House Democrats who switched their votes to help pass the new health care law saw their political contributions rise this year, a USA TODAY analysis of new campaign-finance reports show.
They also outraised their Republican challengers during the first three months of the year — as they picked up financial support from fellow Democrats, health care interests, labor groups and others.
Several of the House Democrats who initially opposed the bill represent conservative or swing districts — where the health care bill is less popular — making them GOP targets, said Stuart Rothenberg, of the non-partisan Rothenberg Political Report. "From Day One, it was clear they were going to need a war chest to either dissuade strong opponents or to engage in combat with potentially strong opponents," he said.
Their fundraising advantage comes as the Democrats' campaign committees this week reported a $21 million edge over Republicans in the amount of cash available. Ryan Rudominer, a spokesman for the Democratic Congressional Campaign Committee, said passage of the health care bill "energized" donors.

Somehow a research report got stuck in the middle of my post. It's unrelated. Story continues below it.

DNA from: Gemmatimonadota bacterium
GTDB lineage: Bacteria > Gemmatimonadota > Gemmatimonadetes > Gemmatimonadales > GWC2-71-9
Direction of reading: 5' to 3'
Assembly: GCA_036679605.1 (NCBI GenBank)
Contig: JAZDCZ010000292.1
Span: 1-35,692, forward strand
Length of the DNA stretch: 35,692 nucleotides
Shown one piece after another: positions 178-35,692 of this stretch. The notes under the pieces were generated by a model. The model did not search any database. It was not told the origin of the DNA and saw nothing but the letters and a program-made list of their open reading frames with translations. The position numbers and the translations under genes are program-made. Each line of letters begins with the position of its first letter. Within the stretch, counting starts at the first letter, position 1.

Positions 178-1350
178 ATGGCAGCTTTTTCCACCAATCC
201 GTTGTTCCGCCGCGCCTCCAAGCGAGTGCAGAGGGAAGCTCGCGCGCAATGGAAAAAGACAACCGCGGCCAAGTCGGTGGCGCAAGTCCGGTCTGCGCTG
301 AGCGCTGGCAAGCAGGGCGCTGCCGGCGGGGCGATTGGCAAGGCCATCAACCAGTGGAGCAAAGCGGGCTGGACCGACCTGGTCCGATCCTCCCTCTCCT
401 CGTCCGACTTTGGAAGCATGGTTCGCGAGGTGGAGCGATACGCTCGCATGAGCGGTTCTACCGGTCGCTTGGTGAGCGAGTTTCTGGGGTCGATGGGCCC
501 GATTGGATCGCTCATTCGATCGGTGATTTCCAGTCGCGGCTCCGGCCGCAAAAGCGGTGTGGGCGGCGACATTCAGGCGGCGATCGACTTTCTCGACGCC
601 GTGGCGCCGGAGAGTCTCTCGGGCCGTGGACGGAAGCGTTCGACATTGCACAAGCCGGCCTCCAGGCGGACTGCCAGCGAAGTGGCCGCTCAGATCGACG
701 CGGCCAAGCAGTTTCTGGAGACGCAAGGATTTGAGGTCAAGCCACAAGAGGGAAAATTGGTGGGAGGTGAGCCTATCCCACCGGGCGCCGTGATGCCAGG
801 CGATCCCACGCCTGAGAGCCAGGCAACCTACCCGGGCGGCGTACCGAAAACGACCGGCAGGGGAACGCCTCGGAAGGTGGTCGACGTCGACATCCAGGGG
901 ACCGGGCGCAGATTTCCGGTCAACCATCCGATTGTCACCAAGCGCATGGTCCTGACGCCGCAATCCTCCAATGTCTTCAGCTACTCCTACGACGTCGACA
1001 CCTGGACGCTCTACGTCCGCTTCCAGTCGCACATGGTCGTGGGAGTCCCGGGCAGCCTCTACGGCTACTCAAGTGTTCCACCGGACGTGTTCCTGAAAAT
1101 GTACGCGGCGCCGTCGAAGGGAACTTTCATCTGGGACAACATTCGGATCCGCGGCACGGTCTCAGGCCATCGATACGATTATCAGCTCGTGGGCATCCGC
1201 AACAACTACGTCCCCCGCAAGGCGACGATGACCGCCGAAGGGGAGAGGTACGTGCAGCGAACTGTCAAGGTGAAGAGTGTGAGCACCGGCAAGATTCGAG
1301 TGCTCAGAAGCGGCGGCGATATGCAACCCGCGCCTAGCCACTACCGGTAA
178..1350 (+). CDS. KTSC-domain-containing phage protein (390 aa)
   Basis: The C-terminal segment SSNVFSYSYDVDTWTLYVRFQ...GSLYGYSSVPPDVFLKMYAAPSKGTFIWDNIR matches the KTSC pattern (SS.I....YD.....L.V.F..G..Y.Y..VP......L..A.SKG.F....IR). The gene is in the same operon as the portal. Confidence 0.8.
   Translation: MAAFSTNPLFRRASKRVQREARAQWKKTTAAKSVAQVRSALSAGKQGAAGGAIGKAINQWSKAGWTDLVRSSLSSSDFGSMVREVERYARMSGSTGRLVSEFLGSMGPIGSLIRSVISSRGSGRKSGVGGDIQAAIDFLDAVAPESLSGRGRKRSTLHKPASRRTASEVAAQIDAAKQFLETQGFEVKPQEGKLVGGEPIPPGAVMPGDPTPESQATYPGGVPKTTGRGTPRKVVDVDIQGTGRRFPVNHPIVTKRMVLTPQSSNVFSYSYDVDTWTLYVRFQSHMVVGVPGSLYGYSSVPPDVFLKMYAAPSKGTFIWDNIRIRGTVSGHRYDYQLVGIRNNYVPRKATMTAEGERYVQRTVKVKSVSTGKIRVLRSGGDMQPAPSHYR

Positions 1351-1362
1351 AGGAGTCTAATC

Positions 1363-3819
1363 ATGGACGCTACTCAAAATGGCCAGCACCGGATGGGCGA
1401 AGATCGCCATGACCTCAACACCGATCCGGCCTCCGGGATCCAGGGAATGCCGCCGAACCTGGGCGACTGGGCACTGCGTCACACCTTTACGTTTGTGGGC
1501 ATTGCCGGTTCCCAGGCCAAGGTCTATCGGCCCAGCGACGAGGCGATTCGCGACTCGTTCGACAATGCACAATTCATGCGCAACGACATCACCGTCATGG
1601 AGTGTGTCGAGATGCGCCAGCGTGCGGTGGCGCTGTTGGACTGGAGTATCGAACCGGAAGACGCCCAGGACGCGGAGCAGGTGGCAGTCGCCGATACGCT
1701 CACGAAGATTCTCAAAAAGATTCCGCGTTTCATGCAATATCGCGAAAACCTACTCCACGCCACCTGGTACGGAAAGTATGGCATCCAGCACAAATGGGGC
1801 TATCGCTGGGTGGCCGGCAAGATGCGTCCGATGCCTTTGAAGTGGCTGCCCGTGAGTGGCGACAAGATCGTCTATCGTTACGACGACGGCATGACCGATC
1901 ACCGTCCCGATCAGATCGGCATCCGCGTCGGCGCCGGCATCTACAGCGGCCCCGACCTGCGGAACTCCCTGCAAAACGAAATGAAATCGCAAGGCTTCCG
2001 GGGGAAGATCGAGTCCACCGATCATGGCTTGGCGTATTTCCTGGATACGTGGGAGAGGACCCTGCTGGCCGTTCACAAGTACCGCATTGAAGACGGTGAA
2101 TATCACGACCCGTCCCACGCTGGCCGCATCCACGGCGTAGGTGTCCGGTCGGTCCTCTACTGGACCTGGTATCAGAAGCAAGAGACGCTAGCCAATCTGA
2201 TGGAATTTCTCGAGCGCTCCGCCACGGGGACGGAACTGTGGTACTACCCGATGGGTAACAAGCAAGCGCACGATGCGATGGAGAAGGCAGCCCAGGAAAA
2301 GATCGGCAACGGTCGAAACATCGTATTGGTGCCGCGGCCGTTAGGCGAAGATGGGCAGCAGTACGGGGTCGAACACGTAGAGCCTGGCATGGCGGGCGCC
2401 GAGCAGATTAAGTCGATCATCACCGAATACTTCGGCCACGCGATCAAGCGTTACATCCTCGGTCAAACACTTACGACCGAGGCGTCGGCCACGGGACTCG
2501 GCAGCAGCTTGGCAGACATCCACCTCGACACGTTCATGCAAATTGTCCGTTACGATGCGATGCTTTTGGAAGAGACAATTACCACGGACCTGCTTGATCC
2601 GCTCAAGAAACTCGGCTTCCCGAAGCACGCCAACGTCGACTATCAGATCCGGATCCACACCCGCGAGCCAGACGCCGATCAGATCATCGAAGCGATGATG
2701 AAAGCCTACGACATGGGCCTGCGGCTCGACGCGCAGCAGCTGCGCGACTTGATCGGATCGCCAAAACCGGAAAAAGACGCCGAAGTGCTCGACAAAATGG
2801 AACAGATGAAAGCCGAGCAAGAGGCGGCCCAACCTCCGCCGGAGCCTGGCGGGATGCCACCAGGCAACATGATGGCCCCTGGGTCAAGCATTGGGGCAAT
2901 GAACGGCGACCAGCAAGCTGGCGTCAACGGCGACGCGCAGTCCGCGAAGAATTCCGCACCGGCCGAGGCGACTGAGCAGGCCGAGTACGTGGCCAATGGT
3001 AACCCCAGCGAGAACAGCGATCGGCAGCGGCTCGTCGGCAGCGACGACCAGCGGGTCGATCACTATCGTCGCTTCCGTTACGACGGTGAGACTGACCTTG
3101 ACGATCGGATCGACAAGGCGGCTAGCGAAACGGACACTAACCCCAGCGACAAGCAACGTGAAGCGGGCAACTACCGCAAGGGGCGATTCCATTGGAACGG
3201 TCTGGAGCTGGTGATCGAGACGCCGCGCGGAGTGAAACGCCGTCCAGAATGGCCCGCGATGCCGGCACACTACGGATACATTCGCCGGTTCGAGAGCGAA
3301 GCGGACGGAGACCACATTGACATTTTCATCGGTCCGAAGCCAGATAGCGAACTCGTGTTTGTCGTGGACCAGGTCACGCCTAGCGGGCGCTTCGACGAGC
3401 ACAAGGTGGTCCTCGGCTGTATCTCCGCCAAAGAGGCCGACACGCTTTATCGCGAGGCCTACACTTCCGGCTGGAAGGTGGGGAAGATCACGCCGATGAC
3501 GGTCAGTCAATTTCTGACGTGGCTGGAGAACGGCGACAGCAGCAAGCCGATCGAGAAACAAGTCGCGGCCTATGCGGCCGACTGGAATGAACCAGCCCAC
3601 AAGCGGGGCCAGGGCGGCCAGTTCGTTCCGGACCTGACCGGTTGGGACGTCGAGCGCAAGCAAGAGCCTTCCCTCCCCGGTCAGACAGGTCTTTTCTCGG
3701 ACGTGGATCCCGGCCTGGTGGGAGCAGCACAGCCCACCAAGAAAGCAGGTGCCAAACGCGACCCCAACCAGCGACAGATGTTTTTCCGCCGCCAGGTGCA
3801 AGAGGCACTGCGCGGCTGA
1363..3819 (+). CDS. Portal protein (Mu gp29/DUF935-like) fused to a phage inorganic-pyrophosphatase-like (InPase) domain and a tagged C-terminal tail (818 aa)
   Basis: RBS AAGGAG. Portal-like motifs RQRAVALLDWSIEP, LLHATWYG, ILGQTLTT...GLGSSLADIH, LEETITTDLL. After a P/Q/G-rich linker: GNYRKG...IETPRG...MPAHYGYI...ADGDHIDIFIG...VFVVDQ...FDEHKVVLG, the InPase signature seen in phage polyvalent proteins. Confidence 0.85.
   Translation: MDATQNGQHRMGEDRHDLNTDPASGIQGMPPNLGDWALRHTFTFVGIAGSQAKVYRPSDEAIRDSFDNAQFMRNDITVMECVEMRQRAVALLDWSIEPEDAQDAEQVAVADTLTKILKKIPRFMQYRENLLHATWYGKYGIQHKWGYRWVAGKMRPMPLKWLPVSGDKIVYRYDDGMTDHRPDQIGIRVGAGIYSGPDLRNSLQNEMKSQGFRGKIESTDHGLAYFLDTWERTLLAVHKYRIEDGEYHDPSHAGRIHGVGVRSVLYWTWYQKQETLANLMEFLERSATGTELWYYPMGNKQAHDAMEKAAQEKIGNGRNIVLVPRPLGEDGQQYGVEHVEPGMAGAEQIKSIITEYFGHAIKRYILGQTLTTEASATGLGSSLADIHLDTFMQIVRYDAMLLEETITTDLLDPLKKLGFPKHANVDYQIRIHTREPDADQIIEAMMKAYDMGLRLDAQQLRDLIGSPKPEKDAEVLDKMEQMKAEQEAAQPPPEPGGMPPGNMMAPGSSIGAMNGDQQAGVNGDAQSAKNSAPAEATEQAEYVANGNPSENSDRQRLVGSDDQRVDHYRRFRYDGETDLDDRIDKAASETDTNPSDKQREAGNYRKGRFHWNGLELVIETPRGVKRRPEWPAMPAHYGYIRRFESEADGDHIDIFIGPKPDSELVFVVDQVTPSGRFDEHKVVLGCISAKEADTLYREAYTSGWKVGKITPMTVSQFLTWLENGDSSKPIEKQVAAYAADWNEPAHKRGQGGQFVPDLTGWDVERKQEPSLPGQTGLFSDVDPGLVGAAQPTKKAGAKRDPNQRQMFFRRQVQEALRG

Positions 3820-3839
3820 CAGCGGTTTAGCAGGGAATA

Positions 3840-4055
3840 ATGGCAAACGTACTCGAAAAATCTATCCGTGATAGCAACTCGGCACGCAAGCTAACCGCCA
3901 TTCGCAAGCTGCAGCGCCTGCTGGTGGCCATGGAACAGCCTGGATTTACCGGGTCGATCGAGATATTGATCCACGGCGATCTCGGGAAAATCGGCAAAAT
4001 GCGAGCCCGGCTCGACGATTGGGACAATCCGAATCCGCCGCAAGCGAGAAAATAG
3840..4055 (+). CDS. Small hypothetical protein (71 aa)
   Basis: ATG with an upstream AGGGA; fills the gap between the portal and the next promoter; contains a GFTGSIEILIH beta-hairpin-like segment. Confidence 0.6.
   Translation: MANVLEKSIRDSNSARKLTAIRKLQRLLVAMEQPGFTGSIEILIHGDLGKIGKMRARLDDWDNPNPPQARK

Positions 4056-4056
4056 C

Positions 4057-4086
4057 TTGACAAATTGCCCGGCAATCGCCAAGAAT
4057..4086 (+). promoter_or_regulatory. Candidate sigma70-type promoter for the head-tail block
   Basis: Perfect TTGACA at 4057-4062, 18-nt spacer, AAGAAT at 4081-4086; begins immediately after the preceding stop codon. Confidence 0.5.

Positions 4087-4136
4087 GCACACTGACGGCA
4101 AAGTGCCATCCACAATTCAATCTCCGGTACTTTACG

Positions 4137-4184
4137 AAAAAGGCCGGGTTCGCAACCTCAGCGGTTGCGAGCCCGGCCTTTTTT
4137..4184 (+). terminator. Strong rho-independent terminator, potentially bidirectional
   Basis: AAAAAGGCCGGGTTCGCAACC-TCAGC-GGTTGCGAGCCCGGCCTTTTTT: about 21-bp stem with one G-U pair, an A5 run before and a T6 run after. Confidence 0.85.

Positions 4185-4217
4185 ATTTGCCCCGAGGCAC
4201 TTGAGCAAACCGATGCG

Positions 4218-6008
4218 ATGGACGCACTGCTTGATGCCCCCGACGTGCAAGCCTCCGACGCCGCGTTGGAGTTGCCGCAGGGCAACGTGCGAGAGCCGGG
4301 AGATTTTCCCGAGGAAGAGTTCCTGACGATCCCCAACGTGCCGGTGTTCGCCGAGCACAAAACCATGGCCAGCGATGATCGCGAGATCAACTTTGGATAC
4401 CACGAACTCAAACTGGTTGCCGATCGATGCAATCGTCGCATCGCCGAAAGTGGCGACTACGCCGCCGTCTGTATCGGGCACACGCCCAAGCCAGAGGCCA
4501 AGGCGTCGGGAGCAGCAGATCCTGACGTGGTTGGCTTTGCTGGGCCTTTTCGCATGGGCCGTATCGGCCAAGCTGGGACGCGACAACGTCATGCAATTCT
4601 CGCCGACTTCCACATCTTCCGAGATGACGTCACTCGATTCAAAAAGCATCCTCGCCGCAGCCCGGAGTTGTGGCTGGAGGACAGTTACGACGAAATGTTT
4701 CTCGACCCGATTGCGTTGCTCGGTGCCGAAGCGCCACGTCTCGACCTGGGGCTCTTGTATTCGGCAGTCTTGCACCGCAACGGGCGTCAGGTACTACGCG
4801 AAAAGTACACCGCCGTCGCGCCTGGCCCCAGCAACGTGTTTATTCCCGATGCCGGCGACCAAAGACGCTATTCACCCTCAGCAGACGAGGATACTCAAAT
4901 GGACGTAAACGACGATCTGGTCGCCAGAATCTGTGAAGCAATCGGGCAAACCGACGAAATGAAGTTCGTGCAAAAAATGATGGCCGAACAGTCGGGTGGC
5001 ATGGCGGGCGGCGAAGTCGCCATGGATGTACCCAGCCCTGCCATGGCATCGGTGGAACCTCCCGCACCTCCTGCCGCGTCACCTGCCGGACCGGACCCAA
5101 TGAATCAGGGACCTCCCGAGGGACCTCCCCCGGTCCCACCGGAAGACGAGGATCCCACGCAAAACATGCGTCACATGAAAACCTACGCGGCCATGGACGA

Paul Lindsay, a spokesman for the National Republican Congressional Committee, said GOP candidates will have enough money to compete in an election climate that favors Republicans.
The House Republican campaign committee raised $8 million in March to the Democrats' $9.8 million, the best monthly haul for Republicans since losing control of the House in November 2006, Lindsay said.
Colorado Rep. Betsy Markey— one of six Democrats up for re-election in November who went from "no" to "yes" on health care — raised the most of the group in the first quarter of 2010: more than $500,000. That's twice as much as in the previous quarter.
Markey, a freshman, raised more than $100,000 from political action committees associated with corporations, unions and Democrats in the first quarter of the year. Markey aides did not return telephone calls Wednesday.
New York Rep. Scott Murphy, another Democrat who changed his vote to support health care, raised $470,000. The fundraising surge shows Murphy's "message … is really resonating," spokesman Josh Schwerin said.
Contributions dropped by nearly 60% for Louisiana Rep. Anh "Joseph" Cao, the lone Republican to support the health care bill when it initially passed the House in November. Cao, who voted against the final health care legislation, is a freshman from heavily Democratic New Orleans.